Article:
You want to describe your participants in this section. You should tell the reader how many, where they’re from, gender breakdown, ethnicity, and age range (with mean).

In this section you want to describe in detail what you used to measure whatever it is you measured. If it is a questionnaire with a 5-point Likert scale, then you will want to give an example of the types of questions that are asked on the questionnaire, you will want to say that it is a 5-point Likert scale. You’ll want to explain what the five points represent (i.e., an answer of 1 indicated strongly agree and an answer of 5 indicated strongly disagree). If any of the items had to be reverse scored, you’ll want to say that.

You will want to tell the reader what you and the participant actually did in this section. Literally from the first thing you did to the last thing, and it should be in order. The researcher approached various students around campus and asked if they’d like to participate in student research. List everything you did. Then conclude with the debriefing and thanking the participants.

As you can see up through this point, each section continues on from the last. All sections will do that, except appendices and references. In the results section, you want to state the actual statistical findings from your research. For example, results indicated that men reported significantly less negative interactions at work (M = 2.2) than women (M = 4.1), t (98) = 56.34, p < .05. Women were more likely to have had to deal with sexual harassment, lawsuits, etc. (these would be pulled from however you operationally defined negative interactions at work) than men.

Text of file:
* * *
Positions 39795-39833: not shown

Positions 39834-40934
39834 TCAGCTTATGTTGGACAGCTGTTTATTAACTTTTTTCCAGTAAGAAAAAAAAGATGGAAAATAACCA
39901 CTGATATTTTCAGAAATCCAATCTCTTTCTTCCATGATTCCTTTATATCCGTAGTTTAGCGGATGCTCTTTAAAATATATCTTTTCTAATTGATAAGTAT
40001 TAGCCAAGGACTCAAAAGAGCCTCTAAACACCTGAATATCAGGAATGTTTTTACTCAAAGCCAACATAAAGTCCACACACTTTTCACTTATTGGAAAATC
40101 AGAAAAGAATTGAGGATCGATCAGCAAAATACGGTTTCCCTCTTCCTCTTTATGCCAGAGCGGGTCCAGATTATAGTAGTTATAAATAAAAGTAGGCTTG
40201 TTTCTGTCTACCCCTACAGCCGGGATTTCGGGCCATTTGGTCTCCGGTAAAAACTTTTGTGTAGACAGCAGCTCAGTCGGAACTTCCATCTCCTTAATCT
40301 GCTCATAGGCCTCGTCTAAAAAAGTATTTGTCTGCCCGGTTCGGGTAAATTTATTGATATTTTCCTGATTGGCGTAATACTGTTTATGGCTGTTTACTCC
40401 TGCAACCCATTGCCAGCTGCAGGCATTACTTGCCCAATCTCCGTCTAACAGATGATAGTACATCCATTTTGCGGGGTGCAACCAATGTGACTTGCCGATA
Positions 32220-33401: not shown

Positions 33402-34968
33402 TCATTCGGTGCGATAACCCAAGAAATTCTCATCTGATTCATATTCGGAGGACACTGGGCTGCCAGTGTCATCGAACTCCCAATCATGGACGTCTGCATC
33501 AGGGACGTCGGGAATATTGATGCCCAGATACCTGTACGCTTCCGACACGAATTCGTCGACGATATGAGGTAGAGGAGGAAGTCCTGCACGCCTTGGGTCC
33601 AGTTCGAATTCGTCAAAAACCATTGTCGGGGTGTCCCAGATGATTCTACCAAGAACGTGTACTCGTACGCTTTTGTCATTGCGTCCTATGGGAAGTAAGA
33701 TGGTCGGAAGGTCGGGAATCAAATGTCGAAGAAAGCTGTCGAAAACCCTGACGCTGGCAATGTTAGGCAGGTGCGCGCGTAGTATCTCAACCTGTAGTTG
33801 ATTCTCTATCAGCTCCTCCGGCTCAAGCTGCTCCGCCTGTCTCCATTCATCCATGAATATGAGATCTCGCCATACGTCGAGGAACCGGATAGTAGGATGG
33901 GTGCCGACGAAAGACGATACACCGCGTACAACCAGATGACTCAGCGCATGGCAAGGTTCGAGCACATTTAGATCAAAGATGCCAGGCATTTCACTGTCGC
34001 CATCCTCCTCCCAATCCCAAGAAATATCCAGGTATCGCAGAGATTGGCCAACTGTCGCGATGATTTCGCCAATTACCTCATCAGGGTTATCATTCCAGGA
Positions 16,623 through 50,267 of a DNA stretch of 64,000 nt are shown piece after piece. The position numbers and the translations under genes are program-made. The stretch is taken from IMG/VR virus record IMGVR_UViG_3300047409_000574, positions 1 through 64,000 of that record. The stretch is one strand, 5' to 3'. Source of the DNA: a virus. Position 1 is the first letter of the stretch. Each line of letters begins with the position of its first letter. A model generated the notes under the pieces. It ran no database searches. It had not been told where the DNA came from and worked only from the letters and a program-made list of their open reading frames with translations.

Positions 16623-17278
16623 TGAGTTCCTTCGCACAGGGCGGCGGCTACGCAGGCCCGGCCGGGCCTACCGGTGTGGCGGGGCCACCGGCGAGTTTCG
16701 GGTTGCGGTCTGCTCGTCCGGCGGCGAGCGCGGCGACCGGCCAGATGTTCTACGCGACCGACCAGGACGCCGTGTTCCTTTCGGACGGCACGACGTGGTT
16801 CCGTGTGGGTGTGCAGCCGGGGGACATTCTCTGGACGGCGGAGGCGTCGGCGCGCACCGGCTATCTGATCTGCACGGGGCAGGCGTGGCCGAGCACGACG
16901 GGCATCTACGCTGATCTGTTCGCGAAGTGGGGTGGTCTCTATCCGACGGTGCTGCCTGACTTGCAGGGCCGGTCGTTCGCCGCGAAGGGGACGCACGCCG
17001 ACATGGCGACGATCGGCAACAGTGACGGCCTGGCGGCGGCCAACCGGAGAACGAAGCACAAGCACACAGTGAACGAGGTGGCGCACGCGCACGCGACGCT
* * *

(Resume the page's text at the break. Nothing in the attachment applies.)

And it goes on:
In this section you will want to remind the reader of the purpose of the study, what you were studying, as well as what the results were. Then you should tell the reader what you think the results mean. Why do you think you found what you found? Were your hypotheses supported or refuted? How do the results from the current study relate to results from previous studies on this topic (you will need to reference at least two of the previous articles cited in your introduction)? If they are inconsistent with results from previous research, explain why that might be. What is the importance of the current findings? What are the implications? In addition, were there any methodological problems with your research? Was something not controlled that should have been? Were the subjects’ characteristics not varied enough? What are some directions for future research when it comes to your topic?

Abreau, F., Templer, D. I., Schuyler, B. A., & Hutchinson, H. T. (1990). Neuropsychological assessment of soccer players. Neuropsychology, 4, 175-181.
Gean, A. D. (1994). Imaging of head trauma. New York: Raven Press.
Shimoff, E., & Catania, A. C. (2001). Effects of recording attendance on grades in introductory psychology. Teaching of Psychology, 28, 192- 195.

*Note: these should be listed in alphabetical order by first author. DO NOT REARRANGE THE ORDER OF THE AUTHORS WITHIN A CITATION!!!
To get the hanging indent, ask me, unless you already know. If you are including a figure (graph) or table, it belongs in the appendix. The appropriate format for setting up a figure or table is on the following pages.

Figure Caption
Figure 1. Mean negative interactions for males and females. (Note: the figure would appear on the following page by itself)

*Note: Tables are included in appendices as well.